See the unabridged Study for Protective Eyewear for Handball report HERE.
If interested in providing feedback for the ASTM subcommittee to write a standard for handball CLICK HERE.
The purpose of the study in March was to test the efficacy of several common types of protective eyewear used for handball.
The laboratory at Pacific University’s School of Optometry in Forest Grove, Ore., was the site for the study. The lab offered the basic testing apparatus, tools and equipment, and several professors of optometry provided expert opinion, oversight, comments and feedback to the experimental design and testing process.This study simulated how sample eyewear products react to being struck by a handball and observed effects on eye anatomy using data obtained from high-speed video and a force-measuring system.There are numerous variables to consider testing in a dynamic sport like handball. The investigators chose three to control: launch velocity, impact angle and ball type. Three “shots” are done for each variable while collecting data from the video and force-measurement equipment for each eyewear model.
To be effective, eyewear must be able to prevent direct ball contact with the globe, lessen and disperse the impact energy, remain intact and in place, fit comfortably and minimize view obstruction.
In handball, the risk for globe injury from indirect impact is higher than direct impact for two reasons:
- The facial area — temple and nose bridge — where forces can be transmitted to the globe is larger than the eye socket.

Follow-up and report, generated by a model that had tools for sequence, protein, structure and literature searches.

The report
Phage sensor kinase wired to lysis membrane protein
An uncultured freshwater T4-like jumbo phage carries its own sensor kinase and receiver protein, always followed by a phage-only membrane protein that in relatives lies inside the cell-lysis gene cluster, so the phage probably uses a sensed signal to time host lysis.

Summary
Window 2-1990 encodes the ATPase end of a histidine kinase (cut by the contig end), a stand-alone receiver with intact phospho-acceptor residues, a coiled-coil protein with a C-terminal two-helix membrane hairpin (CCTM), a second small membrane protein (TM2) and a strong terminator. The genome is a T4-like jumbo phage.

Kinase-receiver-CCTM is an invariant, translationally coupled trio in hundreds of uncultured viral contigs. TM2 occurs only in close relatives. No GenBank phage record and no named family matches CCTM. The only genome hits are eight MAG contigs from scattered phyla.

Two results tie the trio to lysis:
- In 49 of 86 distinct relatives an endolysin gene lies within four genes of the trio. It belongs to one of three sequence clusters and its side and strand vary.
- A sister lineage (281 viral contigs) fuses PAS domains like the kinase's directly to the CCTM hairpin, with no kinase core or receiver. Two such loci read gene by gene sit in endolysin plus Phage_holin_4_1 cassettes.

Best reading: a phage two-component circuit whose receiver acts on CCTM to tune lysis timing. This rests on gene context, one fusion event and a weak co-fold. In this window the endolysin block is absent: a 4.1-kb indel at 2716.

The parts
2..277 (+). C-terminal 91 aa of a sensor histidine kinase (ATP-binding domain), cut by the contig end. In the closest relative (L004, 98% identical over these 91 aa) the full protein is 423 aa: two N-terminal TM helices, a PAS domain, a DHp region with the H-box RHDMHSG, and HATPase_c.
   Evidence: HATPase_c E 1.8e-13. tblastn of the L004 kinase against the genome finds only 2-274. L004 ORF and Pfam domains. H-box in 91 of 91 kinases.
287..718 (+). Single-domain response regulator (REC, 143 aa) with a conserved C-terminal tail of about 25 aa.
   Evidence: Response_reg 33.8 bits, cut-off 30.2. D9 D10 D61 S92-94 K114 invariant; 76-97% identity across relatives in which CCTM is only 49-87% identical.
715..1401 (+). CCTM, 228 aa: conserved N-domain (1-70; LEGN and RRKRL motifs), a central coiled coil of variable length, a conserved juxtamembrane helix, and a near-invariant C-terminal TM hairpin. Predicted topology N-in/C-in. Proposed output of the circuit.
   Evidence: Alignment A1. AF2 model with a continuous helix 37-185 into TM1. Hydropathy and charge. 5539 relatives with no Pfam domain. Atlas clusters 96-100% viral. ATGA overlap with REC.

- In player positioning, the exposed player is most often looking back from an angle.
The design of this study to include indirect impacts was initiated because of recent injuries of this nature that caused permanent vision loss. Interestingly, side and angled impact studies are noticeably absent from the body of research, though this mechanism of injury and associated trauma is well documented.
The testing equipment consisted of a Plexiglas enclosure containing the standard Canadian head form for the average adult male fixed on an adjustable mount. The ball was launched through an aperture in the Plexiglas from a Juggs gun over a light-sensitive chronograph to measure velocity. Data from each impact was collected from two sources: an ultra-high-speed camera and a force-sensor system. The camera was the Phantom V711 rented from Vision Research1, the manufacturer. It was configured to operate at 20,000 frames per second using a 50mm lens and mounted about 1 foot from the mannequin with an essential field of view of about 6 square inches perpendicular to the trajectory of the ball.
The sensor unit was the Tekscan multi-handle high-speed ELF system with three thin film transducers connected via three USB ports to a Windows-based computer.The ELF software can record up to 6,000 force reading per second with an upper limit of 1,000 pounds for each transducer. The transducers are mounted on the mannequin under the eyewear on the inside nose bridge, the temple and the eye.
The following parameters chosen for the study were: launch velocities of 50 mph, 65 mph and 80 mph, and impact angles with the mannequin of 0 degrees (frontal impact), 90 degrees (side impact) and 115 degrees (angled impact).
The vast majority of adult players routinely hit the Red 21 ball at 50 mph. All handball specifications are available on the USHA’s website.
Four commercially available eyewear models were tested — two sold by the USHA, one sold by Edtl Handball and the other by O’Neills.
The USHA models are the Blacknight Turbo and Racket-Specs, both manufactured by Unique Sports Inc. and passed the ASTM F803 standard in 1998.
The Edtl Handball model is called the Edtl Eyeshield and is lensless. It has been tested and did not pass the ASTM F803 standard.
The O’Neills model is called the Challenger lensless eyeguard and today is the most commonly used of the four. This model was tested in the 1980s as referenced previously and was originally manufactured in the U.S. It also did not pass the ASTM F803 standard.